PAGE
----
I think you underestimate the damage done to the broader cause of liberal government by the stupidity and overreach of the far left. The GOP has abandoned any pretense of governing at the federal level, particularly in the age of Trump. Half of Republican Party voters are desperate to move beyond Trump and abhor his style and/or his substance. The field is wide open for the Democrats!

And yet, still the Democratic Party cannot gain enough votes to elect enough "normal" Dems to get Congress working. I submit part of the reason is because the wackos on the left are actively harming the causes they claim to support by using annoying language (as you say) and going too far in places where they have full control of government, causing the substantial number of persuadable voters to not risk abandoning the current version of the Republican Party. I think that is a problem and, yes, I don't have a good solution for you, Dave.

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RemovedApr 4, 2023·edited Apr 4, 2023
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“Unlike the evil Trumpers, I won't deny that X problem exists, but the left overstated X or said it in Y terms that really annoy me, so I'm going to argue that the left is completely wrong about Y instead of sussing out the ways in which X is still actually true, albeit in an attenuated sense."

Put a bit more succinctly, the left has a habit of making mountains out of molehills. Sure, molehills exist, but I’m not going to spend a lot of time worrying about them.

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I won’t claim to speak for Matt or Freddie but it seems reasonable that a leftist/liberal would be more interested in policing their own side to help them maintain credibility and electability. The same is seen from never-Trump type conservatives, most of their criticisms is aimed at their former fellow travelers.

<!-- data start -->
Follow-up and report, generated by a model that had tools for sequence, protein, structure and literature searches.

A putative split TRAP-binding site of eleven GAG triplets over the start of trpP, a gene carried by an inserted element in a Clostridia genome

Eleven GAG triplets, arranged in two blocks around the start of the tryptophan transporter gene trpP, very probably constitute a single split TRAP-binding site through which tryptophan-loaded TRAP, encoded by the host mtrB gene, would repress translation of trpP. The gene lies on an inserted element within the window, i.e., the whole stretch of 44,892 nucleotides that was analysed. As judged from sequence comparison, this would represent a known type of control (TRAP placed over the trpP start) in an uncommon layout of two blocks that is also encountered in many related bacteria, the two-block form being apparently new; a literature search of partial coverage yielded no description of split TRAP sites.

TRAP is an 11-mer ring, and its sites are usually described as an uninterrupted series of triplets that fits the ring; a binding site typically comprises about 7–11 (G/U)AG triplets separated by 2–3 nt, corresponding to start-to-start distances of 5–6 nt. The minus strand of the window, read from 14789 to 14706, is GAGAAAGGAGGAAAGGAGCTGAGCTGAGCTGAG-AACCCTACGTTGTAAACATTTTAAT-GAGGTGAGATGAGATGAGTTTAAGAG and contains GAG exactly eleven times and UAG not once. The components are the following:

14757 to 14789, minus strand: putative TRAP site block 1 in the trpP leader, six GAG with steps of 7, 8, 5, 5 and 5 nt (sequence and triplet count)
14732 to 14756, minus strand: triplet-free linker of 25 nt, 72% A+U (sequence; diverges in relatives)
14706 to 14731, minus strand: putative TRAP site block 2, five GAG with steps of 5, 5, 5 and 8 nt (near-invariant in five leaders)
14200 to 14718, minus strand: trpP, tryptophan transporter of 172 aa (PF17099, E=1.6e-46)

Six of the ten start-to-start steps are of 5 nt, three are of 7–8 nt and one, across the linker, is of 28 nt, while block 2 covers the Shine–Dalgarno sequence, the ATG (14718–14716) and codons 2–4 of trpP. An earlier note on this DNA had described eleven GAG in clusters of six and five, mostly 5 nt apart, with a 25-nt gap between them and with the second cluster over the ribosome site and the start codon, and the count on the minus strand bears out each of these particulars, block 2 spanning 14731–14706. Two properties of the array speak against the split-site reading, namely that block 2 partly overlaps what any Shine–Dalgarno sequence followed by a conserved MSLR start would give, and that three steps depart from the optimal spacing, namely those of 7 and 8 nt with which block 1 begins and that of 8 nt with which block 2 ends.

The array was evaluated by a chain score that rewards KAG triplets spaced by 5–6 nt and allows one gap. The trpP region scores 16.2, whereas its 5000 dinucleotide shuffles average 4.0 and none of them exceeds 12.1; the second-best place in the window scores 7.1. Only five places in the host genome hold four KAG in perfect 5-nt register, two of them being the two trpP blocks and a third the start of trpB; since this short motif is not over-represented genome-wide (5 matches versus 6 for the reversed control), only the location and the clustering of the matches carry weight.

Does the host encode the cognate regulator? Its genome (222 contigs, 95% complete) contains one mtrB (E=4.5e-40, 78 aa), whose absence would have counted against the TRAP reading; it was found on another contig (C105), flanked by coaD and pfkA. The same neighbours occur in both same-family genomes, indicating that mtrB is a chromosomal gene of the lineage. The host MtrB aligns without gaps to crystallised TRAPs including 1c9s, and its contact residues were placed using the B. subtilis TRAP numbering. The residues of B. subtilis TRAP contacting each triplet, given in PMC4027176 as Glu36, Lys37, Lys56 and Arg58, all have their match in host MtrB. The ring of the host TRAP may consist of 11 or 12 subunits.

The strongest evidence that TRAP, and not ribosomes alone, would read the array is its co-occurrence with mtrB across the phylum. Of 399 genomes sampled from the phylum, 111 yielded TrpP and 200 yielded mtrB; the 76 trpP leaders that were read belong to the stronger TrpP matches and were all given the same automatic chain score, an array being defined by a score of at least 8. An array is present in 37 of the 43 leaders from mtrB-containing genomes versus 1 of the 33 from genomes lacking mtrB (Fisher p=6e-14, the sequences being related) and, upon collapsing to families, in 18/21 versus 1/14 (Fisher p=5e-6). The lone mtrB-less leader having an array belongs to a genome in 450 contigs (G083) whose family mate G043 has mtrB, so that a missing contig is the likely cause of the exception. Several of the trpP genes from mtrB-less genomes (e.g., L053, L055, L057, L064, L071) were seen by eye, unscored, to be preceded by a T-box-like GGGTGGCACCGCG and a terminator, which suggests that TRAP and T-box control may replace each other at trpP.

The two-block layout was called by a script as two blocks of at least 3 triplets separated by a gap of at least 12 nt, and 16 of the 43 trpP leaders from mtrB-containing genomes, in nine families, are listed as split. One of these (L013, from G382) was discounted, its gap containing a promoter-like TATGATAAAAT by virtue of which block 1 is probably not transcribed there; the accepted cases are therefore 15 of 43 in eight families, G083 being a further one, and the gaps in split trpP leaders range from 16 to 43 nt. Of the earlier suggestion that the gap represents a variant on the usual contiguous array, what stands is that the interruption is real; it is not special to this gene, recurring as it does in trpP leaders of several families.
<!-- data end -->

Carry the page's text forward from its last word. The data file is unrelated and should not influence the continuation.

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I'm not disregarding "culture," because there are certainly marked differences between countries, but it's also that it's such a vague handwavey argument, while there are much lower-hanging and more accurate fruit to examine first.

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Apr 3, 2023·edited Apr 3, 2023

But if you step back a bit, it's kind of laughable, or at least strangely myopic, to claim that, because cultural attitudes and permissions are vague and handwavey, there's nothing to work with there, and the only choice is to focus on "lower hanging fruit".

What do you think the whole "Me too" movement was about, or the Civil Rights movement itself, if not a frontal attempt to change cultural attitudes and permissions towards certain kinds of behavior? And with considerable success. If you want to claim that cultural attitudes and permissions about disorderly criminal behavior are exempt from those same dynamics, I think the burden is on you to explain why.

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Isn't the burden usually on the person who first makes the claim? In this case, it's not shown it's this ephemeral "culture" and it's not even shown where this claim takes us, except mere vague intransigent inconclusiveness.

Even in the case of the US, it could be argued there are many many types of cultures across the country with various crime rates, but that high guncrime is a correlated with other conditions, like the Missouri law.

In either case, vague "culture" is a bad, imprecise, argument that ignores qualifiable and quantifiable reality.

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>Isn't the burden usually on the person who first makes the claim?

I think that's a good point, and culture is inherently hard to define. But I think if there's a way of quantifying believing honor culture -- i.e. the belief that retaliation is appropriate when someone disrespects or dishonors you -- then it would correlate very strongly with violence.

But to your point, how do you actually define this? I'm not sure.

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Apr 3, 2023·edited Apr 3, 2023

Material well-being, economic opportunity, and poverty are all downstream of culture.

Culture is a broad and fuzzy thing...but it is still a thing that exists and has a substantial impact.

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Then it would be nice to avoid broad and fuzzy arguments!

Because it's also just as easy to culture is downstream from material well-being, economic opportunity, and poverty!

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But Americans at basically every income level commit more crimes than people in other countries at the same income level (mainly because an economically destitute American is a basically a middle class Spaniard, e.g.)